There have been several reports this week detailing how security firm Symantec took down a large portion of a bitcoin mining botnet called ZeroAccess. What few, if any, mention is that the bitcoin mining part of the botnet hasn't been functional for almost six months, because the developers deliberately killed it. The question is, why?
ZeroAccess is a piece of malware that joins an infected computer to a large network of similarly compromised machines. They can then be controlled by a central administrator, commonly called a botherder, who then gets the machines to do his bidding.
Most botnets follow predictable criminal practices, using victims' computers to send spam, or simply harvesting sensitive information on the infected machines, so that cybercriminals can use them to steal money. Others are used for click fraud, in which machines are made to click on profitable online links.
ZeroAccess was different, because it included a bitcoin mining module. The software used infected computers' CPUs to mine for bitcoins, returning the profits to the botherders.
ZeroAccess isn’t a new botnet - Symantec first saw it in the summer of 2011, according to Vikram Thakur, a research with Symantec Security Response. The next major revision emerged a year later, with minor revisions found in between.
But something significant happened in April this year, he said, going on to explain:
“ZeroAccess deprecated the bitcoin mining module back in April 2013. The botnet harnessed the hashing power of all those bots until April 2013 and then pushed out an update which effectively removed the mining module. No mining has happened on the ZeroAccess network since then."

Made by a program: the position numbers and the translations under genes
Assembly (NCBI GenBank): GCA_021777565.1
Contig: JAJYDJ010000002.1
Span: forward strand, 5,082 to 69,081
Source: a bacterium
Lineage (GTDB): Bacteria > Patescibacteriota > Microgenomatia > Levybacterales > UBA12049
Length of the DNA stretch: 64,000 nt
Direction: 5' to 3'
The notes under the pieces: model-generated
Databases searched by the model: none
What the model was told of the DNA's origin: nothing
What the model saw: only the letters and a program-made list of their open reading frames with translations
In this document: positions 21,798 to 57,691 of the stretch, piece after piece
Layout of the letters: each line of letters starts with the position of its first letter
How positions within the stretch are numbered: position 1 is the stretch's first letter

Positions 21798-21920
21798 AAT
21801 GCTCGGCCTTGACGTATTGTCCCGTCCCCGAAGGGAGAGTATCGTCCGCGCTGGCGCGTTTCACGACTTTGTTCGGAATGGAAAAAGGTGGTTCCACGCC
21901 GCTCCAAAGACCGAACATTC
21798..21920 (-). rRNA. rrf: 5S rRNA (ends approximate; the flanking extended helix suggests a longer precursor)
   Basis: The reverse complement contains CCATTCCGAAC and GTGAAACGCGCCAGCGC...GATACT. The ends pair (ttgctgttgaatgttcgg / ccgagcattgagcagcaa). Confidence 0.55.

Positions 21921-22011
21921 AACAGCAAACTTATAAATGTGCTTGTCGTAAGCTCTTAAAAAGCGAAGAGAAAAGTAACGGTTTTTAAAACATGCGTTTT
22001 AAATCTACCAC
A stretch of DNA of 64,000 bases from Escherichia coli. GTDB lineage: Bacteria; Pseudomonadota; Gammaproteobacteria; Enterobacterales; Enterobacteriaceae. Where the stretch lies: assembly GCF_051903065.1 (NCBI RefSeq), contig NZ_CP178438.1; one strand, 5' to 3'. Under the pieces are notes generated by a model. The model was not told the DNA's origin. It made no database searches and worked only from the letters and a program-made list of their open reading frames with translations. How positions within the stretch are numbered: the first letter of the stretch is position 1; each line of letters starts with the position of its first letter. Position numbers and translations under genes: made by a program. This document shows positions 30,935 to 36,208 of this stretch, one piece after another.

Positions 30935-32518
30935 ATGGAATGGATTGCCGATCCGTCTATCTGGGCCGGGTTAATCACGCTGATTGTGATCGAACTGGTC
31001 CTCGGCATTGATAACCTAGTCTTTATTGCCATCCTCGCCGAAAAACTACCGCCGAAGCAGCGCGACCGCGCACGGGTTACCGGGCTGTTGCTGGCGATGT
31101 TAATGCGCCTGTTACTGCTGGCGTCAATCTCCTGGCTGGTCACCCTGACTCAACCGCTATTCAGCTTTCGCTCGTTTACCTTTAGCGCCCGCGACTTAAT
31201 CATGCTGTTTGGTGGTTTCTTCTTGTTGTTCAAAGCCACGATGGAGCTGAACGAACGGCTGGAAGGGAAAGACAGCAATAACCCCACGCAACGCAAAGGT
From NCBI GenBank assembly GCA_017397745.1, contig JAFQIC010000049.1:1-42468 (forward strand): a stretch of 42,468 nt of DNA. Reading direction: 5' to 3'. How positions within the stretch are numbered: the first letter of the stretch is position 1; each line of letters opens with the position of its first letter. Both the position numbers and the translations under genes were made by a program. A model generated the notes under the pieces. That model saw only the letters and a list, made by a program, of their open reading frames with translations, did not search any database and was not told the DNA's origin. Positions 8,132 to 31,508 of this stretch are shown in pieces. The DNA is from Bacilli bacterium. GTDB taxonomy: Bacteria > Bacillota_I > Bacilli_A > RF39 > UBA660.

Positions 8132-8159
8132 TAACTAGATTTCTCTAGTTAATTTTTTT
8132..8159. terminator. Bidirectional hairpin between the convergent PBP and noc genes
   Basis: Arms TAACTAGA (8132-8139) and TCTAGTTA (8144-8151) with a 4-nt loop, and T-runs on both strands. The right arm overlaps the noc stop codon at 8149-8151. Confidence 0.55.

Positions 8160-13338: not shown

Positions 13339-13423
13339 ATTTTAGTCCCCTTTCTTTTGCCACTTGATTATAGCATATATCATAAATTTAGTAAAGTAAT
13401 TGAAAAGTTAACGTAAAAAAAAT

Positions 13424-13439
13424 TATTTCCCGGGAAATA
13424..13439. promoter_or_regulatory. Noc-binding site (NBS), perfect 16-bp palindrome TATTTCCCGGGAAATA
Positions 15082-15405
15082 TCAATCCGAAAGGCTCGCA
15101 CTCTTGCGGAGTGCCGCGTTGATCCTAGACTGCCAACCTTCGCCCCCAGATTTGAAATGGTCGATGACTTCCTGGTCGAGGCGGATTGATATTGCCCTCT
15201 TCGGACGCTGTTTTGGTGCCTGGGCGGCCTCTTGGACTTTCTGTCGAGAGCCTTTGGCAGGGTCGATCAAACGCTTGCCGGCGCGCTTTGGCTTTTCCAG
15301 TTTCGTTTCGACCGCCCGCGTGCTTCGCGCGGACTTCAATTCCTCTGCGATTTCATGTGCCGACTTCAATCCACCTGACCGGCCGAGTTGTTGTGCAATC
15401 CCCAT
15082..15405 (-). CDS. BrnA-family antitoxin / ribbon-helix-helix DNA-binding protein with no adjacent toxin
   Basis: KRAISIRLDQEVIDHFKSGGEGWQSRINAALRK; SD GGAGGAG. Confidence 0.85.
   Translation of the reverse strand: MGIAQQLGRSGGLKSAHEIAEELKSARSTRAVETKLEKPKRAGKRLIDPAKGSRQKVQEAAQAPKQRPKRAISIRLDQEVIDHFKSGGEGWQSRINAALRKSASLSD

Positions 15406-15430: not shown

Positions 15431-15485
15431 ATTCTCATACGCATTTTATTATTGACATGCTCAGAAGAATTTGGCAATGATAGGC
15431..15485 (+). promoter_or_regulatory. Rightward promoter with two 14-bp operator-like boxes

Why would botherders kill a software module which was causing a lot of machines to happily churn out bitcoins?
Many technically astute people reading this will jump to the obvious conclusion, which is that CPU mining is pointless, given the high difficulty caused by the rapidly increasing hash rate on the network. This in turn is being caused by a flood of ASIC mining hardware which is pushing GPUs out of the picture, let alone computationally anaemic CPUs.
Symantec even does the math, taking a relatively old test computer as an example. It used a 2Gb, 3.4GHz Dell OptiPlex GX620 Pentium D machine to see how well the malware might cause it to mine. It used 136.25 Watts per hour to mine at 1.5Mh/sec. Put that next to the machines that KnC Miner just started shipping and it’s like watching a Reliant Robin next to a Ducati.
Gregory Maxwell, one of the core dev team for bitcoin, says that a fast CPU does in the region of 1MH/GHz, meaning that a fast quad core 3GHz machine might do 12MH/s. But are newer machines likely to be among the infected?
“At least in the past, my impression has been that botnet machines tended to be older machines (less likely to have current patches), so more like a single core 2GHz machine— or 1.5Mh/s,” he said.
Even if faster machines are infected, they’re not likely to be using all of their power for mining. These hash rate estimates assume that the computers will be entirely idle, all of the time.
So in practice, the botnet isn’t likely to have a significant effect on the network, argues Maxwell. 1.9 million 1.5 MH/s hosts only equate to around 2.85 TH/s. The network is already hashing at over 1 Petahash per second, which means that this botnet is small potatoes.